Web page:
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You own decent branded flashlights which probably has really good and efficient circuitry and can provide good runtimes with consistent output. Mine is a cheap generic rebranded one.

Quote:
I rationalized that a 5 lumen device could consume 50mA, and with a 1000mA battery 20 hours is possible. 15 seemed easy. But I have not tested any current draws on the cheap lights mentioned above, so my numbers could be all wrong for that case. Not sure of the math you used to determine a 1000mAh battery can provide 50mA for only 9 hours though.
Big Smile My bad here. I mistakenly calculated for a 50mA LED current draw instead of using device current draw. You are absolutely correct here.

Thanks for AAA discharge tests link. You can clearly see that the capacity of an alakaline (duracell) is 1000mAh at 100mA draw whereas it’s 500mAh at 1000mA draw. The capacity of Alakaline is heavily depending on it’s current draw. Eneloops fares better at higher current draws.

However the capacity in our flashlights won’t be affected due to low current draws, so yes you are correct once again that alkalines will perform better in these low power flashlights. Only on current draws above 300-500mA will eneloops be a better choice than alkalines.

So it is indeed possible for these flashlights to give 15-20 hour runtimes, that is if the circuitry is efficient. Have a look at this video and you can see that a poorly designed one can be very very inefficient as well.

and on the first day he said "Let there be light"...

sbslider
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DoubleA wrote:
Have a look at this video and you can see that a poorly designed one can be very very inefficient as well.

I enjoyed the video, thanks for sharing!
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Quote:
I recently bought a Geonaute OnBright 200 keychain flashlight from Decathlon. It’s a nice and handy flashlight and I like it very much.

You’re right!
It’s a nice looking little flashlight, and I would buy it too (@Decathlon) but I don’t want to pay it 8/9 euro… Sad

www.youtube.com/channel/UCeDhMPm0L1yvr3LpygDPgMw my flashlights/knives/gear video reviews
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DoubleA
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I bought it because in my country I don’t get any major branded ones. Fenix, Nitecore, Thorfire etc all are sold at double or sometimes triple their actual price because of import duty and other tariffs.

However if you really like it you can buy the same from other sources like I mentioned because this is just a rebranded flashlight. The original one may only cost half of what it the Geonaute one costs.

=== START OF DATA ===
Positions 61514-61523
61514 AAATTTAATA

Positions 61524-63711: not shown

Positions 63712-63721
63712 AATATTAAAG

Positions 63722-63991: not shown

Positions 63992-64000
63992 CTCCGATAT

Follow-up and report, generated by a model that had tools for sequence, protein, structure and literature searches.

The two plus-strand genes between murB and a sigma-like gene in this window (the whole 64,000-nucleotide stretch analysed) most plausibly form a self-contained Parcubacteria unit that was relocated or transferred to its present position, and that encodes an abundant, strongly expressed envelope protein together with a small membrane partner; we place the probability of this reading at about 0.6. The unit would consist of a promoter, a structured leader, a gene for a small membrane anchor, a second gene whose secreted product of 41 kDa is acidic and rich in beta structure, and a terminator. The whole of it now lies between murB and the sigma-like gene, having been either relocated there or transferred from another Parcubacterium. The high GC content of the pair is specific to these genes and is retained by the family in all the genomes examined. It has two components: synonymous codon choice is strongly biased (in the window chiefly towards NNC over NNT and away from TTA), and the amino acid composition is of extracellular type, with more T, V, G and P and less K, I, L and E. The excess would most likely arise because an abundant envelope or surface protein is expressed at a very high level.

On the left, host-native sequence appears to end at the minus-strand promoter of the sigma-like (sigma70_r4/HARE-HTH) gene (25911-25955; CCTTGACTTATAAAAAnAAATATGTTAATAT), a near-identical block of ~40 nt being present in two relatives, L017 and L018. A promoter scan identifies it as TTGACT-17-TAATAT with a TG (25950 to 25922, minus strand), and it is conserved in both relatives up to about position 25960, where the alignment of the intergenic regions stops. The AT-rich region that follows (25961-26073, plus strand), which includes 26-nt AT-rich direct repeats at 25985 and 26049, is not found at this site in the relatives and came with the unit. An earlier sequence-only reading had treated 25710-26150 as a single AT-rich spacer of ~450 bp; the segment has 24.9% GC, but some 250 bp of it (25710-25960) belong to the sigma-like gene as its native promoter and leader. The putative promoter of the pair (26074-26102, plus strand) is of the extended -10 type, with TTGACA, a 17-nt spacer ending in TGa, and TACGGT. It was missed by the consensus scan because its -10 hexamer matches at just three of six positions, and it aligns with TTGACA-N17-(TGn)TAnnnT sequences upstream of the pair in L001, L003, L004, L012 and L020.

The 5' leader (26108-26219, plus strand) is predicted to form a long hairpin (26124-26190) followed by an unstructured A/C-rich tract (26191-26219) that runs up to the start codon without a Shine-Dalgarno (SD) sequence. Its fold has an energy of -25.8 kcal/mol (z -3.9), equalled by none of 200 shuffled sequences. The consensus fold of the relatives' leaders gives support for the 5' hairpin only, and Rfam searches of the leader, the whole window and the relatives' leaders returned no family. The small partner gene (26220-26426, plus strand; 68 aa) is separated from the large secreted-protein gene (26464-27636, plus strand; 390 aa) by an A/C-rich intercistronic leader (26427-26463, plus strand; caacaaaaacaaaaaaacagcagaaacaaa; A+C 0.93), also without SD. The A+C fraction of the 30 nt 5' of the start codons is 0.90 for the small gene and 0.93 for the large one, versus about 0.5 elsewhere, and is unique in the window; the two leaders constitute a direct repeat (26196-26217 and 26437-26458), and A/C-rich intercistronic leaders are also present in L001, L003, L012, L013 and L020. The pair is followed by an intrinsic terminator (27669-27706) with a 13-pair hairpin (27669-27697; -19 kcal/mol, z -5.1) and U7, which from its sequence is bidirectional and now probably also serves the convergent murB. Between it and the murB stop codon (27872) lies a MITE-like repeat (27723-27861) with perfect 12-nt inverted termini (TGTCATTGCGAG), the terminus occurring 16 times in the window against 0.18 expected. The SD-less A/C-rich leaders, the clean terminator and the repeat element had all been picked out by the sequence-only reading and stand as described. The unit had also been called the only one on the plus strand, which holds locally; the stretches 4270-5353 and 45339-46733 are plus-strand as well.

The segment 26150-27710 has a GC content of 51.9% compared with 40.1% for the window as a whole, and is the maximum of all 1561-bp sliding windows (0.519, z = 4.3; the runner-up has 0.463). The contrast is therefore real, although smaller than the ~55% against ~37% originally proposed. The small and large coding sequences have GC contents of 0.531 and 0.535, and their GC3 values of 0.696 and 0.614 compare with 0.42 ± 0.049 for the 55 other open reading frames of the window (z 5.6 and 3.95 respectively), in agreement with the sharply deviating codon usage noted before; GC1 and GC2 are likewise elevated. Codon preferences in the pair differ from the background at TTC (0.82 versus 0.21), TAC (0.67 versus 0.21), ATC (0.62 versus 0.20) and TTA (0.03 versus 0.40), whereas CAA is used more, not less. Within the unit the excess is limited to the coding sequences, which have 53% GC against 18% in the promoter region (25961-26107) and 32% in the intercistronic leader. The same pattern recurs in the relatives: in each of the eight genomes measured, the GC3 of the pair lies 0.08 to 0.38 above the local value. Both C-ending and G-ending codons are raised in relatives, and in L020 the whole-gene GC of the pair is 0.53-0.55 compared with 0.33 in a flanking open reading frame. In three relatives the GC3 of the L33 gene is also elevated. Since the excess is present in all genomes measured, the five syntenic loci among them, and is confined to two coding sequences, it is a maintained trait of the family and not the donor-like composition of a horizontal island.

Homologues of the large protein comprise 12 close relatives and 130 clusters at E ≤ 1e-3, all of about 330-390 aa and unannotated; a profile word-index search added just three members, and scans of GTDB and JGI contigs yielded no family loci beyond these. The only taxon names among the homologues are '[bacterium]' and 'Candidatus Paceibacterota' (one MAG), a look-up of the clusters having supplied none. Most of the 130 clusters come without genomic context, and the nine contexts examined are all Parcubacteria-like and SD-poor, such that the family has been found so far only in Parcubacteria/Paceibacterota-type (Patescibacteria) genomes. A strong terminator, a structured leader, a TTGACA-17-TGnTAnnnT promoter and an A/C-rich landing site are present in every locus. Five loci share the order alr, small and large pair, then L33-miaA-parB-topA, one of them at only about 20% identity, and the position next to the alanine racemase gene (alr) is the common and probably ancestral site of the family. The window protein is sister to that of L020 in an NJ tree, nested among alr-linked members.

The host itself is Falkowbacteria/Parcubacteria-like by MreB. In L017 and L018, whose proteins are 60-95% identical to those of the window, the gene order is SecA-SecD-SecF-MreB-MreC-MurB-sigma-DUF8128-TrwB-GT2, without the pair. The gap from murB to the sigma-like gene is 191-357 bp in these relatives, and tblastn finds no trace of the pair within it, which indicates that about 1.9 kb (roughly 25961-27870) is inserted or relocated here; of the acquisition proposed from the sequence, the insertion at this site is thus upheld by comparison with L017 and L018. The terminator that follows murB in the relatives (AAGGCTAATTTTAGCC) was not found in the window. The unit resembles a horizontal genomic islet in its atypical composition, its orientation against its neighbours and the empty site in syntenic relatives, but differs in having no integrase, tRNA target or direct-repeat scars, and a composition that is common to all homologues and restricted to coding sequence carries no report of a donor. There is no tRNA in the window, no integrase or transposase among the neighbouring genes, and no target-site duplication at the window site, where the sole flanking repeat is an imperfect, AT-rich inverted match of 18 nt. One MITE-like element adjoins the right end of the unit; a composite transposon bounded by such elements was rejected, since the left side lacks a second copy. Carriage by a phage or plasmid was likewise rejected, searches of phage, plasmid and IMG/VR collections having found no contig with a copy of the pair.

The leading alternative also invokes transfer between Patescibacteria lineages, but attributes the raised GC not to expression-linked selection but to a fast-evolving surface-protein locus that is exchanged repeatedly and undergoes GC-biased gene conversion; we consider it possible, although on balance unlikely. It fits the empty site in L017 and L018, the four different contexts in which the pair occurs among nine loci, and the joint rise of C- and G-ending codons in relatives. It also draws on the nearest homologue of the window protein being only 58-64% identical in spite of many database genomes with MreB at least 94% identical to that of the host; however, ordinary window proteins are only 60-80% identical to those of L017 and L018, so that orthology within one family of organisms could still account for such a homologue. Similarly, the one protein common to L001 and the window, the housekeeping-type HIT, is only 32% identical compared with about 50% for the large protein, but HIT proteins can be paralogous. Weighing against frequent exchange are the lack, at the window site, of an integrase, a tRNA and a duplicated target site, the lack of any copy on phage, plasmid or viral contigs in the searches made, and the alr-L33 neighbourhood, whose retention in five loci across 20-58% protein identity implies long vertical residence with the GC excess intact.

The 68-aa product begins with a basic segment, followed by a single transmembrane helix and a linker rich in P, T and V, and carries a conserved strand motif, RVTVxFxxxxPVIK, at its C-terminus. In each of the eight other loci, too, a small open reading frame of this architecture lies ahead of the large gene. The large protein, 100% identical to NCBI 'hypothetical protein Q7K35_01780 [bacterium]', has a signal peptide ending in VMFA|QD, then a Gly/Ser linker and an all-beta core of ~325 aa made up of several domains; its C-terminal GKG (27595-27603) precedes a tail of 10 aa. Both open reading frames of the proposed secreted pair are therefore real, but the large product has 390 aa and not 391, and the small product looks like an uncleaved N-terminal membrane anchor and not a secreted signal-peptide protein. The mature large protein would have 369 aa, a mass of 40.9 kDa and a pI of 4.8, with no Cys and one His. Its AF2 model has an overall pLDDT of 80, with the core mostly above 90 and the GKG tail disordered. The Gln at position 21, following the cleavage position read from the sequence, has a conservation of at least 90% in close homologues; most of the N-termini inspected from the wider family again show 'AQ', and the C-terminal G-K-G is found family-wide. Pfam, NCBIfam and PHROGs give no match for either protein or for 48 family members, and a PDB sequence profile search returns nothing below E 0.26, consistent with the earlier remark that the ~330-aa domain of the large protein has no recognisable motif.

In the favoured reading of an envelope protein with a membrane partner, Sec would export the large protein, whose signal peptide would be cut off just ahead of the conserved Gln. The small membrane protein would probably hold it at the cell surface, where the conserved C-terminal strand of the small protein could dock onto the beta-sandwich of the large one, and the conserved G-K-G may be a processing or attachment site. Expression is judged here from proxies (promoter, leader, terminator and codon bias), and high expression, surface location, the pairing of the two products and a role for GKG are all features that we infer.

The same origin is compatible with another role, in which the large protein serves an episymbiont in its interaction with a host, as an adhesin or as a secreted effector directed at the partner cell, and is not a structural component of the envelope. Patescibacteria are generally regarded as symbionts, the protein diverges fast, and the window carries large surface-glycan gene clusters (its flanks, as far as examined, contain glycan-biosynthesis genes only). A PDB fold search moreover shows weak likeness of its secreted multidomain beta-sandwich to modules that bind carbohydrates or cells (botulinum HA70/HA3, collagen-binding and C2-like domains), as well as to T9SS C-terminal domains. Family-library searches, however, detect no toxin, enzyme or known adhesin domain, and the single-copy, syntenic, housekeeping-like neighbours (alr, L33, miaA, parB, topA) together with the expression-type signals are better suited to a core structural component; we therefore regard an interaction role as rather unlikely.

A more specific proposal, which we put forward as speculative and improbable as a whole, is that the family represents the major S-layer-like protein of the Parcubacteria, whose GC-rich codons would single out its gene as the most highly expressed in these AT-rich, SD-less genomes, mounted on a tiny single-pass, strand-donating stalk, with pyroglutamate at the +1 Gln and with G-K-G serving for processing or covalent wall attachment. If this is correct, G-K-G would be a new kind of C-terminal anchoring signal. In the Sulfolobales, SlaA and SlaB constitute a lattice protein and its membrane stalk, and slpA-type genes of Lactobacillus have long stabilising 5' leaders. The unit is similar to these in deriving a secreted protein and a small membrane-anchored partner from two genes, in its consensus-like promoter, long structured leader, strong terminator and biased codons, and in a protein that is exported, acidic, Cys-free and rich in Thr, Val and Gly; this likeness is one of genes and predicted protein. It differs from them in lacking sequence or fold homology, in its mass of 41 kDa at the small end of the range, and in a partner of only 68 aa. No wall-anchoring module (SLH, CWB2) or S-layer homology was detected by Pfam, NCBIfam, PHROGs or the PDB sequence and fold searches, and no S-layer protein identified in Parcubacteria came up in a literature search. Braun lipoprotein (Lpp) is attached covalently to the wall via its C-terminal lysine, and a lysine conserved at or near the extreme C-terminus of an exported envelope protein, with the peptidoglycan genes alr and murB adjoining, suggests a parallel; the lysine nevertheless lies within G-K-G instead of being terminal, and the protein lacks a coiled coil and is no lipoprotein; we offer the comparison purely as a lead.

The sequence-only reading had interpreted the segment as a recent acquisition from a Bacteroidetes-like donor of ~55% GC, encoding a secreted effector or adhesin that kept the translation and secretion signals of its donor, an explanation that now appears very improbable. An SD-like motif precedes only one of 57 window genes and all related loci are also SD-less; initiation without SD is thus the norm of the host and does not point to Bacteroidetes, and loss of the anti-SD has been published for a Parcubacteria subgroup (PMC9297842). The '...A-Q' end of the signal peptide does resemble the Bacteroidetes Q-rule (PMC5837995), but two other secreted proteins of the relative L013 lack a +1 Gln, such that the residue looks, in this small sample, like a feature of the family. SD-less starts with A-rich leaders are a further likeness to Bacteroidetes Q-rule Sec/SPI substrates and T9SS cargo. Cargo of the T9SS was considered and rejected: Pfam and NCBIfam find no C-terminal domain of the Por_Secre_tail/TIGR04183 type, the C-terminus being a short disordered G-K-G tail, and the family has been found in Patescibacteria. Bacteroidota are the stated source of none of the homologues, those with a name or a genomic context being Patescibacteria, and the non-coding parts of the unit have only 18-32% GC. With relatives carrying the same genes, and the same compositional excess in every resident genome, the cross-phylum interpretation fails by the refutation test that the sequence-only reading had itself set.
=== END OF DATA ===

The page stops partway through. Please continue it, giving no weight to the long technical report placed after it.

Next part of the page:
and on the first day he said "Let there be light"...

Cythras
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Interestingly, I have owned the Rayovac pictured above, grabbed it from Walmart many years ago. Used a standard 5mm LED with a collaminating lens, and was dimmer than the similar penlight model they sold at that time. Fairly blue tint as well, though maybe they have changed in the last 5 years or so.

DoubleA
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Used a standard 5mm LED with a collaminating lens, and was dimmer than the similar penlight model they sold at that time. Fairly blue tint as well, though maybe they have changed in the last 5 years or so

Maybe so, the head and tail of rayovac looks quite different. I have an old generic 3xAAA flashlight that has 9× 5mm standard LEDs with a blue tinted beam and this Geonaute throws more than half the brightness that old one gives sans the blue tint. So I guess this single 5mm strawhat LED used is an improved version.

Here’s the pics of the LED and the beam shot at 1 feet from wall (took using a crappy cellphone camera)

I also thought of mentioning the tiny knurlings/grip all around it’s body. Dunno if Rayovac or GP has them, couldn’t make out from the web images so please confirm. Feels damn so good in hands. Big Smile

Edit: just noticed it now, The head and tail section looks slightly different from advertised picture. Also logo is different.

managed to find a beamshot of the rayovac from an amazon review. Courtesy of “NLee the Engineer “

and on the first day he said "Let there be light"...

Cythras
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Wow, that Amazon picture is quite the find. The penlight on the right is the one I was referring to, was tinted bluer than the other but had a clicky switch as opposed to the twisty of the other Rayovac. Obviously, the one you own does not have a Cree LED, just a generic 5mm. A similar type was in the Rayovacs. That “Knurling” you speak of is from the milling process, and is actually quite common on the cheapo penlights you can buy on ebay, commonly sold under the “Skywolfeye” name.

Are you looking for a good small AAA torch?

DoubleA
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You mean this one ?

Yepp, I do know that it’s no Cree. Actually it’s GP that advertises Cree LED, although Cree does make em 5mm LEDs I don’t think GP ever uses Cree LEDs.

I am looking for a small AAA light/lantern/beacon with color LEDs. If you do know anything good please tell me. So far I looked at Fenix CL05 but I don’t like it’s design, Glotoob seems fine but I guess I need lights to shine upwards, Thorfire KL02 I like the design but don’t want CR123 same with Fenix CL09. Nitecore LA10 looks good but I want a AAA version. I don’t want to fit a diffuser onto a torch.

and on the first day he said "Let there be light"...